Spoil Sports: 7 Activities That Damage the Environment

A group of skydivers holding hands to form a circle in the blue sky.

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Not all sports were created equal--at least, not in the eyes of the environment. Some--hiking, running, swimming--represent the best of man in harmony with nature. Others--monster truck rally races, say--are just flat out environmentally offensive, and seem to be little more than a raised middle finger to our global warming-imperiled earth. To consider environmental impact, we need to examine these sports on several different levels: Basketball for example, when played as a neighborhood pickup game, can be nearly as harmless as taking a stroll. But factor in worldwide popularity, hundreds of jet flights every year, and you've got yourself one mega carbon footprint. The following seven spoil sports cause serious damage to the environment:

1. Skydiving

A white woman with instructor in freefall tandem jump.

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Yup, this is performed as a competitive sport--there are actually sanctioned skydiving competitions. You may have seen them on ESPN, in fact. Unlike its more dangerous, more sustainable cousin, Base jumping, skydiving requires a fossil fuel-spewing flight for every leg of the competition. That's a lot of fueling and refueling.

2. Soccer

A soccer player kicks a ball in an arena.

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For many, soccer is a fantastic, beautiful sport. The game unites cultures, countries, and backgrounds in a common bond of athletic competition. It requires nothing but some friends, a ball, and an afternoon full of fresh air: Unless you're one of the hundreds of thousands of people who play it professionally. Then, you'll need buses, cars, and airplanes to transport you across continents. After all, soccer (rather, football, to everyone but us stubborn Americans) is the biggest, most widely followed sport in the world --and that means players across Europe, Australia, North and South America, Africa, Asia, virtually everywhere except Antarctica are traveling from game to game, collectively creating a fossil fuel-burning storm.

3. Nascar

Cars racing on a track in front of a huge audience.

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Despite some high profile players using techniques like hypermiling to save fuel economy, there's really nothing green about NASCAR. At all. Not only does this sport--dedicated to driving around a racetrack repeatedly for 500 miles--attract huge crowds of eco-impacting people who each likely drive to the event themselves, but, oh yeah, did we mention it's a sport dedicated to driving around a racetrack repeatedly for 500 miles? And all for what? Given the only excitement is a not so green crash, watching this high speed race can actually be extremely boring. And imagine the carbon emissions that would be spared if this need-for-carbon-emittin' speed were to finally run out of gas. We can dream, can't we?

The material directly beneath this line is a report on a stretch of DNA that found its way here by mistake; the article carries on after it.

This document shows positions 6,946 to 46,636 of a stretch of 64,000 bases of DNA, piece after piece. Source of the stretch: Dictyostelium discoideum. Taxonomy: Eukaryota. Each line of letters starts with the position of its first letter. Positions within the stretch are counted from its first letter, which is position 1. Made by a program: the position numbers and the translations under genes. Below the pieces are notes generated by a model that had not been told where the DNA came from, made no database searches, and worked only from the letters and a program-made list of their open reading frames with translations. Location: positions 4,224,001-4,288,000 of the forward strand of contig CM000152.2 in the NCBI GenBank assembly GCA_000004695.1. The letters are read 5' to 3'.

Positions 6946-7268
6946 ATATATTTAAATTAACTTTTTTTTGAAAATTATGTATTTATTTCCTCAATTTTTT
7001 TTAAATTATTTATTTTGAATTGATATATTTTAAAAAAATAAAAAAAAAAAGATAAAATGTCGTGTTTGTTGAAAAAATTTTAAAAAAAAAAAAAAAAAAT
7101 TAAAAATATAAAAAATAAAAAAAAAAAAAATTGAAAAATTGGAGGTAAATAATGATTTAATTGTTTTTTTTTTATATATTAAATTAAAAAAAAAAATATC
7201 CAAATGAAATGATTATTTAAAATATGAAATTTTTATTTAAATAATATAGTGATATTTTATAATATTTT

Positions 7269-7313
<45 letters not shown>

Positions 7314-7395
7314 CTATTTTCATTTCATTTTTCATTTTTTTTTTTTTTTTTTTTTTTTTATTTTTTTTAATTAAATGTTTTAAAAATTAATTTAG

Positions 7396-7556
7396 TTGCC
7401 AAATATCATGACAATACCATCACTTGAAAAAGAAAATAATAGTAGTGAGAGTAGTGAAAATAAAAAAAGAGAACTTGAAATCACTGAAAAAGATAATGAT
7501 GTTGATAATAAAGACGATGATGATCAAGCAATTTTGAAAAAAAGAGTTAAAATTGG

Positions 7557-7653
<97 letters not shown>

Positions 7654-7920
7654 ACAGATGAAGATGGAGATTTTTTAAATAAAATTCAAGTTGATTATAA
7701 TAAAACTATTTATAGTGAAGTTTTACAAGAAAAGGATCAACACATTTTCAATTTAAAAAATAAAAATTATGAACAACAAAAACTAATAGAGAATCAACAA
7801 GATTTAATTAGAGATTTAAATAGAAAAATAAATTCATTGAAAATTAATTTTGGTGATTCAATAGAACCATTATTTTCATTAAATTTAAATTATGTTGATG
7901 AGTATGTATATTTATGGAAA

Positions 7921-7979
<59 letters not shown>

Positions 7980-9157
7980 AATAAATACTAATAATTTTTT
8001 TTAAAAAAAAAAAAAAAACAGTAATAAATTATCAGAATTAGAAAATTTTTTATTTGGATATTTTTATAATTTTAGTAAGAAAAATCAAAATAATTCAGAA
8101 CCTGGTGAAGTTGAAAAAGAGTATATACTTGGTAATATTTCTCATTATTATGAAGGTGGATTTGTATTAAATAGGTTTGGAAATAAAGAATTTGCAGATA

4. Hunting and Blood Sports

Two white men hunting with a dog in a field.

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We might catch some flak for this one, but let's just come out and say it: Hunting ain't green. In a perfect world, hunting would be not only be permissible, but completely sustainable as well. In our world, it threatens to throw off the balance of ecosystems and often puts a dent in already endangered species' populations. And when you have folks engaging in acts like aerial wolf hunting, it really makes you question the validity of the sport in general: Yes, there was a time when hunting was a necessary aspect of survival. For those of us living in rich, overconsuming societies, that time has passed.

5. Downhill Skiing/Snowboarding

A person in a red jacket skiing downhill.

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Skiing is fantastic. So is snowboarding. But at the moment, the downhill variation is anything but green. Resorts are resource-consuming giants, people drive and/or fly from miles away to get to ski destinations, and the amount of gear that must be manufactured to support the industry is arguably one of the highest. But skiing and snowboarding are also the sports most likely to be removed from this list-- resorts are making efforts to use renewable energy, carpooling initiatives are being implemented, and more skiers than ever are taking to the more sustainable backcountry.

6. Drag Boat Racing (Motor Boat Racing)

A motorboat racing in water.

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Okay, so consider this the polar opposite of soccer. As opposed to a sport that's beloved by all and consumes resources incrementally and as a result of mass playing, here we have a sport that's beloved by almost no one, and attempts to make up for that fact by emitting nearly the same amount of carbon dioxide. Come on, drag boat racing? We didn't even know this existed until we started researching this piece. These boats exist only to zip off in a straight line, leaving a wake of carbon-rich exhaust behind them. Ridiculous.

7. Aerobatics and Air Racing

A plane doing aerobatics in a blue cloudy sky.

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Until the day comes when planes can fly entirely on sustainable biofuels I think we have our grand champion of wasteful competition here. What could be more resource-intensive than competitively flying airplanes on a regular basis? We challenge you to find a less green sport than this.